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Talk about getting hoist with your own xenophobia.

Antonin Scalia in Warrensburg, part 4 (March 7, 2008)

[Do you believe that there is a right to privacy under the United States Constitution?]

   Oh, there certainly is and it us, uh, contained in the Fourth Amendment. And it says “that the people shall be secure in their persons, houses, papers and effects against unreasonable searches and seizures.” Period. There is not a generalized right of privacy, whatever that means. What is a generalized right of privacy [garbled]? One of our, one of our, one of our opinions says it means “the right to be left alone”. [laughter] Right. This is anarchy…

   …[wire tapping] So, there is no, what should I say, exclusion from democratic debate of – conversations. It’s something for the people to decide whether you should have wiretapping or not….[as practice now]…This generalized right of privacy which comes from, what is it, penumbras and emanations from the Fourth and a lot of other ridiculous stuff. Uh, you know the consequences of that? Surely one of the major policy issues around these days is whether, uh, the Federal government can listen in on these international phone calls to find what the bad guys are doing. It used to be up to the Congress to decide whether the danger was high enough and the risk of invading people’s privacy high enough to permit that. No longer. It’s a question for me now. It’s a question for me. That’s what happens when you, when you read more and more stuff into the Constitution – you reduce democracy.

“…There is not a generalized right of privacy, whatever that means…” That’s what Nino said.

Senator Brian Nieves (r) filed SB 676 yesterday. The bill summary:

Current Bill Summary

SB 676 – This act creates the Civil Liberties Defense Act. This act mandates that any court, arbitration, tribunal, or administrative agency ruling shall be unenforceable if based on a foreign law that does not grant the parties the same rights as the parties have under the United States and Missouri constitutions.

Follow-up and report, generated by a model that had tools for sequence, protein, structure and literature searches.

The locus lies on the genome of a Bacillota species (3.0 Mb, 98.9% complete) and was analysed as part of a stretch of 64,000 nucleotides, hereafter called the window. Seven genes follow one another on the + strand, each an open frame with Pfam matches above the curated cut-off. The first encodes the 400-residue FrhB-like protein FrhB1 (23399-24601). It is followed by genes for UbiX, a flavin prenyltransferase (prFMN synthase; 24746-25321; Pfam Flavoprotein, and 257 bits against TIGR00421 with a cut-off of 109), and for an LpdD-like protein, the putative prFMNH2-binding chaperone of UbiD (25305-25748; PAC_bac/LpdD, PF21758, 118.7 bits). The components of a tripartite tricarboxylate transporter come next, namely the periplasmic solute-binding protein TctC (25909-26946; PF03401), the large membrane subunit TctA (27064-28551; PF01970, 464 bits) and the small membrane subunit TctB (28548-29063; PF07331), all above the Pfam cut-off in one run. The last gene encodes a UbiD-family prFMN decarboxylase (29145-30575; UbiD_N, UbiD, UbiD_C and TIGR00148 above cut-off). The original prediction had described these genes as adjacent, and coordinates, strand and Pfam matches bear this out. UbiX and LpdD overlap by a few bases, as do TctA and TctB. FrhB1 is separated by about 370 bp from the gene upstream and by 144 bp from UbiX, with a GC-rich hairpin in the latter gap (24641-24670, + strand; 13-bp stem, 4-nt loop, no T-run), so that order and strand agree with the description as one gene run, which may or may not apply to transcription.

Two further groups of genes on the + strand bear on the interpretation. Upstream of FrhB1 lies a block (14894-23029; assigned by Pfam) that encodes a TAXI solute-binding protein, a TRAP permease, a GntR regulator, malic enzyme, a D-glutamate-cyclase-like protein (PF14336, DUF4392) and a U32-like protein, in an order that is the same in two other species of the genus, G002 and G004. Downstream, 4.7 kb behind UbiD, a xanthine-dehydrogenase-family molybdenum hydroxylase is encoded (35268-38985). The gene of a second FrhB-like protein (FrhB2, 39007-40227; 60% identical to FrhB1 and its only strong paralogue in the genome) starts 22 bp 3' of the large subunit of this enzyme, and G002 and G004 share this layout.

The act makes contracts that choose to apply a foreign law to contractual disputes or to have disputes settled in another country void and unenforceable in Missouri, if the foreign law would not grant the parties to the contract the same rights as the parties have under the United States and Missouri constitutions.

In some cases, a court may refuse to take jurisdiction over matters, where the court believes there is a more appropriate forum for the dispute. This act requires that the court hear the case in Missouri, if a state resident brings the case and if the court finds that not hearing the case in Missouri violates or would likely violate the rights of the person who brought the case.

The act does not apply to a business entity that subjects itself to a foreign law in a jurisdiction outside the United States. The act does not authorize courts to adjudicate religious matters.

This act is similar to SB 308 (2011).

There’s an interesting detail in the actual bill language [pdf]:

….The Missouri general assembly finds that it shall be the public policy of this state to protect its citizens from the application of foreign laws when the application of a foreign law will result in the violation of a right guaranteed by the constitution of this state or of the United States, including, but not limited to, due process, freedom of religion, speech, or press, and any right of privacy….

[emphasis added]

Right of privacy. That’s a very interesting choice of phrase.

Griswold v. Connecticut, 381 U.S. 479 (1965):

…The Connecticut statute forbidding use of contraceptives violates the right of marital privacy which is within the penumbra of specific guarantees of the Bill of Rights…

[emphasis added]

Roe v. Wade, 410 U.S. 113 (1973):

….State criminal abortion laws, like those involved here, that except from criminality only a life-saving procedure on the mother’s behalf without regard to the stage of her pregnancy and other interests involved violate the Due Process Clause of the Fourteenth Amendment, which protects against state action the right to privacy, including a woman’s qualified right to terminate her pregnancy….

[emphasis added]

Lawrence et al. v. Texas, 539 U.S. 558 (2003):

….It does involve two adults who, with full and mutual consent, engaged in sexual practices common to a homosexual lifestyle. Petitioners’ right to liberty under the Due Process Clause gives them the full right to engage in private conduct without government intervention….

Is SB 676 an endorsement of all those penumbras and emanations? Just asking.